December 14, 2010

Snow Sweeper
A sweeper cleans the snow off of a cycletrack in Copenhagen
(Photo courtesy Copenhagenize.com)


Highlights

  • For bikers, walkers, a positive step (Boston Globe)
    By Eric Moskowitz -- The state’s highway officials are considering a plan to narrow the Longfellow Bridge’s Cambridge-bound side from two car lanes to one to provide nearly twice as much space for walkers and bikers. The step would mark a significant achievement for the environmentalists and other advocates who see the Longfellow as a prominent test of whether officials are serious about reversing decades of public policy favoring cars over other forms of transportation.
    Related: Latest Longfellow proposal good for everyone (Boston Globe)
  • City Discusses Use And Maintenance of Brick Paving (Somerville Patch, Ward 5 Online)
    The issue remains in Committee for further discussion.
    By Katie Lannigan -- The public works commissioner has been ordered to identify and repair all damaged bricks in Davis Square before the winter to avoid pedestrian accidents. The Board of Aldermen approved the order Thursday night. The Committee on Public Health and Public Safety also discussed the City's use and maintenance of brick pavers on city sidewalks and crosswalks this week. ´╗┐Meetings were held after residents expressed concerns about the possibility that the bricks posed a danger to the mobility impaired.
    Related: Letter: Somerville should place moratorium on brick paving (Somerville Journal)
  • Bike Lanes Removed After Complaints from Neighborhood Council (Charlestown Patch, Boston Biker, Universal Hub, Boston Metro, WBZ)
    The bike lanes that were installed on Main Street this fall were removed last week by city crews.
    By Kristi Ceccarossi -- City crews were in Charlestown early last Friday, grinding down the bicycle lanes that were painted along the length of Main Street this fall. It seemed the lanes vanished just as quickly and mysteriously as they had arrived, but, in fact, their removal was a direct response to complaints from the Charlestown Neighborhood Council.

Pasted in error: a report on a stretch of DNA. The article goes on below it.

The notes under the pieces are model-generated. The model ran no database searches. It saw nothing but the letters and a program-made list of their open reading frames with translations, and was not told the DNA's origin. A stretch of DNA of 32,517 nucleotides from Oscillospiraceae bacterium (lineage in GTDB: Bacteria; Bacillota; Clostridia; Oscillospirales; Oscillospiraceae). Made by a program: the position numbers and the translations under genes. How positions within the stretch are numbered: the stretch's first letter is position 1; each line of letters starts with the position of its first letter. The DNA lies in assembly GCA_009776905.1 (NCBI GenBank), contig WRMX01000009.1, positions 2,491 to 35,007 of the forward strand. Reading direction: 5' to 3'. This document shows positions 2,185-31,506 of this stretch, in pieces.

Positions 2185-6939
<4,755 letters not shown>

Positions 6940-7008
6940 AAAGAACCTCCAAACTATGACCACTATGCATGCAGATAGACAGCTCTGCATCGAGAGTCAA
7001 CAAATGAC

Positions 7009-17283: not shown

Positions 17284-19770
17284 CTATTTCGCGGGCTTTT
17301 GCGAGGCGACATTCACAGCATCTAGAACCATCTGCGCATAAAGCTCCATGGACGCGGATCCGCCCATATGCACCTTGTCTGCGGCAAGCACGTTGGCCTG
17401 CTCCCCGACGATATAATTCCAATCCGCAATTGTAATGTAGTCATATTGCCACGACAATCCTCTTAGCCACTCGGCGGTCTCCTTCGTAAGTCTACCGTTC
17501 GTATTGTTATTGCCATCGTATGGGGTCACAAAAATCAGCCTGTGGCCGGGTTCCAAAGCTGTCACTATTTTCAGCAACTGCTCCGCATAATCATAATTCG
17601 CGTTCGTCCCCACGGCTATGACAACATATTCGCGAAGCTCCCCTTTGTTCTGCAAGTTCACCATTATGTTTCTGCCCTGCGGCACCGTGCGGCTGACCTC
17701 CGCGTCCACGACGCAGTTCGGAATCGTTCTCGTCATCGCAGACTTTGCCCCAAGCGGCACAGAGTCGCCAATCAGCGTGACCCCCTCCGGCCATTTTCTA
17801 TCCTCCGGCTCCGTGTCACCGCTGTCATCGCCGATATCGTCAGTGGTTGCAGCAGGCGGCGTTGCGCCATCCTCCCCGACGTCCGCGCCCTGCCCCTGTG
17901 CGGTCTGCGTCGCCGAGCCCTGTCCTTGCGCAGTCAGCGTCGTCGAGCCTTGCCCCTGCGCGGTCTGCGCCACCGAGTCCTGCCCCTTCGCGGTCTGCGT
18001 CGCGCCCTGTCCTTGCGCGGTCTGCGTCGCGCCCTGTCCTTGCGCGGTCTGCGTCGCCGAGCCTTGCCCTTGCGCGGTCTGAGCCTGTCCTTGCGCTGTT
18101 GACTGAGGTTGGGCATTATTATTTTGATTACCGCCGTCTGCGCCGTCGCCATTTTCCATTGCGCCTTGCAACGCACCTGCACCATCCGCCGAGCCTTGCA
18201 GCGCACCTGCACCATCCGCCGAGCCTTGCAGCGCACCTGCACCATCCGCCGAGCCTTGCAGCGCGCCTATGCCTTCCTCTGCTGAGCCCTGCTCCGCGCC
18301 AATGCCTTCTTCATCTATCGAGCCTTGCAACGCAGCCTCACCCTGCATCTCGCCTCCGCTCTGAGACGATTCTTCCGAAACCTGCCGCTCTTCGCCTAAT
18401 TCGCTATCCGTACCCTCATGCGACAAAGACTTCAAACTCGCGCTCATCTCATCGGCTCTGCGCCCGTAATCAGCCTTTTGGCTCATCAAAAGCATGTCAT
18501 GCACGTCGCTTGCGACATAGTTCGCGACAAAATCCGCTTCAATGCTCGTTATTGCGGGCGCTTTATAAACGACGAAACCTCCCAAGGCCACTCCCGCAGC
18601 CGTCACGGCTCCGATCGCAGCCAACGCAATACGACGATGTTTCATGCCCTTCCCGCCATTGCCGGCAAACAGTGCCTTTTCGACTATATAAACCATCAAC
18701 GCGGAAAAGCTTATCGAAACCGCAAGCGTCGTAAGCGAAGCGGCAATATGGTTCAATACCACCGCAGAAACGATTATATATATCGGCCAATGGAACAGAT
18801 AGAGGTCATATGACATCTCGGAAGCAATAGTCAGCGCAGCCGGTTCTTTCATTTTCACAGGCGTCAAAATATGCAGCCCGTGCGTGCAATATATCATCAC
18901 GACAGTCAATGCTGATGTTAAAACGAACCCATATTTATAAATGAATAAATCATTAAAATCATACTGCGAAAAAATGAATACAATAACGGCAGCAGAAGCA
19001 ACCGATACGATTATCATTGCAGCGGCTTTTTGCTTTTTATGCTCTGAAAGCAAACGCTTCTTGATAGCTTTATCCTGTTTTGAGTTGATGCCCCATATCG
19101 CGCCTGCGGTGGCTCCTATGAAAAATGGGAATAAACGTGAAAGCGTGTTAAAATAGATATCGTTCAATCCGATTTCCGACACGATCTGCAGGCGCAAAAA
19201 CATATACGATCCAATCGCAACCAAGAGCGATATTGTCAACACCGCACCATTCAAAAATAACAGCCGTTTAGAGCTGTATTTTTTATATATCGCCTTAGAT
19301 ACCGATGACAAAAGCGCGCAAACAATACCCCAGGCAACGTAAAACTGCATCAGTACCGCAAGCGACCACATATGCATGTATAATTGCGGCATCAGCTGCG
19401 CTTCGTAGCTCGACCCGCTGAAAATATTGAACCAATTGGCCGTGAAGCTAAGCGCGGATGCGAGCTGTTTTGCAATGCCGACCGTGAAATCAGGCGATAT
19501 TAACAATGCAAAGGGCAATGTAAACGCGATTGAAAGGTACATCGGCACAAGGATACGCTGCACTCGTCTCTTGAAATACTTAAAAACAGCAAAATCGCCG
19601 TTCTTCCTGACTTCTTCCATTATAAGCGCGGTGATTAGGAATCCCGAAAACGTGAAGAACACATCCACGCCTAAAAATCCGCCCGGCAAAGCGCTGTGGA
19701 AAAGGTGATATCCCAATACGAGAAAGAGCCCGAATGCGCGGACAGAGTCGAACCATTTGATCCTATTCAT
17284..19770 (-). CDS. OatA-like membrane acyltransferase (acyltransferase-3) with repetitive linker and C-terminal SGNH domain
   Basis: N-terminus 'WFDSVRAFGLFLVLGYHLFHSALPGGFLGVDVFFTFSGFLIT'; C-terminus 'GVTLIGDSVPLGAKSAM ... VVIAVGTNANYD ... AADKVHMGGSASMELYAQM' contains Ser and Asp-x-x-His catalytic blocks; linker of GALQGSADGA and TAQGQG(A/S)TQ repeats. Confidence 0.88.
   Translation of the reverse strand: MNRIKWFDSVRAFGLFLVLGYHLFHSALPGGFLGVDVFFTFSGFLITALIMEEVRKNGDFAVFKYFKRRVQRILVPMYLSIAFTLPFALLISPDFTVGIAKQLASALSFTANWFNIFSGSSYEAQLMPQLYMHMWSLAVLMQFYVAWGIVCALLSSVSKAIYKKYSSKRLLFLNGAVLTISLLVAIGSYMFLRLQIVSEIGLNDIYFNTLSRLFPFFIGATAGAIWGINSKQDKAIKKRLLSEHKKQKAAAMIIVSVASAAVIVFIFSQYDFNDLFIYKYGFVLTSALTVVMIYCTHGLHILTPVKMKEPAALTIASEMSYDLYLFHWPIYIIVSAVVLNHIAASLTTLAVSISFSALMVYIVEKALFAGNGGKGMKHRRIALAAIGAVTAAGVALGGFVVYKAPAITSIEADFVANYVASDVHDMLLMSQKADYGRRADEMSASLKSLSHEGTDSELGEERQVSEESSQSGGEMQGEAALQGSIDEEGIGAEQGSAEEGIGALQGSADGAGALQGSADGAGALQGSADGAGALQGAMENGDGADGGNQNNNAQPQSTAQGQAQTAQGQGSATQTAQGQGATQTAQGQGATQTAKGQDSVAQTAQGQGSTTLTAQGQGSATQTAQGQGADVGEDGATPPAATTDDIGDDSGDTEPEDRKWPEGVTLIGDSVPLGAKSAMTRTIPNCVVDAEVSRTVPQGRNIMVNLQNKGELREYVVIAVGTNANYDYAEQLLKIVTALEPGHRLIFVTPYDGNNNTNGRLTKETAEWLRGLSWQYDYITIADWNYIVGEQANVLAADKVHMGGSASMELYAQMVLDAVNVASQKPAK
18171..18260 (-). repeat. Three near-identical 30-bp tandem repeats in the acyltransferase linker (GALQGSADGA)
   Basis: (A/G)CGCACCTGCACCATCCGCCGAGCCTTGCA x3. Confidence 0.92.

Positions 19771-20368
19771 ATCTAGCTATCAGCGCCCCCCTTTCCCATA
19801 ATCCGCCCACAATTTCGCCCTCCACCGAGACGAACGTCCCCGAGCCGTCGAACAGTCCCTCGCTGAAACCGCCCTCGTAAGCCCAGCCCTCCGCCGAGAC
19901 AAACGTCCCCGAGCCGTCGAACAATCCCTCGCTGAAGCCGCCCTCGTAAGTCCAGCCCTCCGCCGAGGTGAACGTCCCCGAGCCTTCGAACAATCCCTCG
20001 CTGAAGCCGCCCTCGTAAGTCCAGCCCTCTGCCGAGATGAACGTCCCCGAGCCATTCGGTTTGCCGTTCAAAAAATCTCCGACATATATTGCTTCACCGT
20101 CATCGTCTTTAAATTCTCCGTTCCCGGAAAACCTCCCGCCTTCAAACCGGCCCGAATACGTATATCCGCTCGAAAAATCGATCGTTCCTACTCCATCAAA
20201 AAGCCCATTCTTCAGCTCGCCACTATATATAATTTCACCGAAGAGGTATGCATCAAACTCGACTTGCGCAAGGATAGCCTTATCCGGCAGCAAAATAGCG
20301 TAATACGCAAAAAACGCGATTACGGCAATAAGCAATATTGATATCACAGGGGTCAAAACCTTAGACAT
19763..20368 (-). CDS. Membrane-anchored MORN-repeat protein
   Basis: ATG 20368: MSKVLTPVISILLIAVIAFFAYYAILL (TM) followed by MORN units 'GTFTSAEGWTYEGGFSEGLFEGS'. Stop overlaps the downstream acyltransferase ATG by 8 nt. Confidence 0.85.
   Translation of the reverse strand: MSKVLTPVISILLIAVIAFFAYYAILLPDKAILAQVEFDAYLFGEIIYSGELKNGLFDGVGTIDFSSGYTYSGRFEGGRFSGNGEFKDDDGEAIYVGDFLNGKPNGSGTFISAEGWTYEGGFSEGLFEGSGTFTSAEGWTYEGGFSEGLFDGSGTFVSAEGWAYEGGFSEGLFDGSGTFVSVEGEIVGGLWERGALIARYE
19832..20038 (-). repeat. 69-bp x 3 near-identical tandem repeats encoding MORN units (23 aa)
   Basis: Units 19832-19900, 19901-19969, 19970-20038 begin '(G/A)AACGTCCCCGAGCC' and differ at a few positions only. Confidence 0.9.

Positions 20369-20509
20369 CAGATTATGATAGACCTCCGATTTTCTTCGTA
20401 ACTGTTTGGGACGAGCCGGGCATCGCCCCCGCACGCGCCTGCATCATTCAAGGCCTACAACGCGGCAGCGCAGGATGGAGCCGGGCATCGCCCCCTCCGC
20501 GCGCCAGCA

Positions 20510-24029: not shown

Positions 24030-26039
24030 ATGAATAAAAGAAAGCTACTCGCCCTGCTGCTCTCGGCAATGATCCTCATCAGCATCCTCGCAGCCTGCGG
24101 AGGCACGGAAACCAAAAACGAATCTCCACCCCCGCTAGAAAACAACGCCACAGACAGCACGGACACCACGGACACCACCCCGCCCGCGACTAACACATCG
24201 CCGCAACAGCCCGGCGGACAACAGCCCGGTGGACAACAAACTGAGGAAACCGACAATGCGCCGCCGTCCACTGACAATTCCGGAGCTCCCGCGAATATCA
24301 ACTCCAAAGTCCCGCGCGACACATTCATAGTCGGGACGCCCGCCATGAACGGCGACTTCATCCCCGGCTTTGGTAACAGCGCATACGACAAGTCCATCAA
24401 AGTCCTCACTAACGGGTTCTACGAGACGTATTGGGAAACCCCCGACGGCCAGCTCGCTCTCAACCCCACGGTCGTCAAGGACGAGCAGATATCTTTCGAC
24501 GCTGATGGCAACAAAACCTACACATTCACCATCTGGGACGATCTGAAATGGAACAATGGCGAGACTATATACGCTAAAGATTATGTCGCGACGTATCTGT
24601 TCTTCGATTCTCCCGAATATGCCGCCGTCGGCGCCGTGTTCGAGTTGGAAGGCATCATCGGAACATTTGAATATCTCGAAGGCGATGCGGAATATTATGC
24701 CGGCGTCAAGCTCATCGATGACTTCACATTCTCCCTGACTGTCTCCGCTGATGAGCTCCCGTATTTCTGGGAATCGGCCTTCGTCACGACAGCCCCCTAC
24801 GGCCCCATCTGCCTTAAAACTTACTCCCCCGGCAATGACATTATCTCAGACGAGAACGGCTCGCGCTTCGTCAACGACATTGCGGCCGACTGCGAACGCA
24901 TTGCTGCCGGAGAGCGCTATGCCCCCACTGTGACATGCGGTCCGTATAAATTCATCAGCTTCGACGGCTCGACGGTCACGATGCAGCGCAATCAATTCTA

• MBTA raises roof for bikes (Boston Herald, MassBike)
    By Richard Weir -- The days of pedaling home on a soggy seat may come to an end for many commuters who cycle to the rails with 50 bike canopies being built at major MBTA train, bus and subway stations. The new bike ports — a handful are already under construction at rail stations from Worcester to Andover — will shelter 12 or more bicycles under a galvanized steel awning that will be located in well-traveled spots near platforms or entrances.
  • Expansion of Bike Lanes in City Brings Backlash (New York Times, Streetsblog)
    By J. David Goodman -- Over the last four years, the streets of New York City have undergone a transformation: More than 250 miles of traffic lanes dedicated for bicycles have been created, and several laws intended to promote cycling have been passed. The efforts by the Bloomberg administration have placed the city at the forefront of a national trend to make bicycling viable and safe even in the most urban of settings. Yet over the last year, a backlash has taken hold.
  • Deficit Commission: Raise The Gas Tax. And Soon. (Transportation Nation)
    By Todd Zwillich -- The president’s deficit commission is taking aim at the Highway Trust Fund in its quest to take a hatchet to federal spending and debt. The report from the National Commission on Fiscal Responsibility and Reform–out just this morning on Capitol Hill–calls for $3.8 trillion in deficit reduction by 2020. It’s a downright austere prescription including tax increases, spending cuts and other reforms designed to, as one member put it “right the fiscal ship” of the nation. The politically-charged document has politicians running to their ideological corners in anticipation of a brutal fight over fiscal policy.
  • VIDEO: Reality vs. Myth: The "dangers" of Dutch cycle paths (A view from the cycle path)
    By If cycling is to become "normalized" - i.e. something that the majority of the population sees as a part of their life, which parents encourage their children to do, and spouses encourage their partners to do, then it needs something different. All three types of safety become important. Dutch cyclists are the safest in the world due to infrastructure which keeps them apart from what is the greatest danger to any road user: motor vehicles. They also feel the safest due to street designs which emphasize both social and subjective safety, and this leads to a very high degree of participation.

"Streets"

Walking

Bicycling

Transit

Cars/Parking

Transportation financing/Government

Parks

Development projects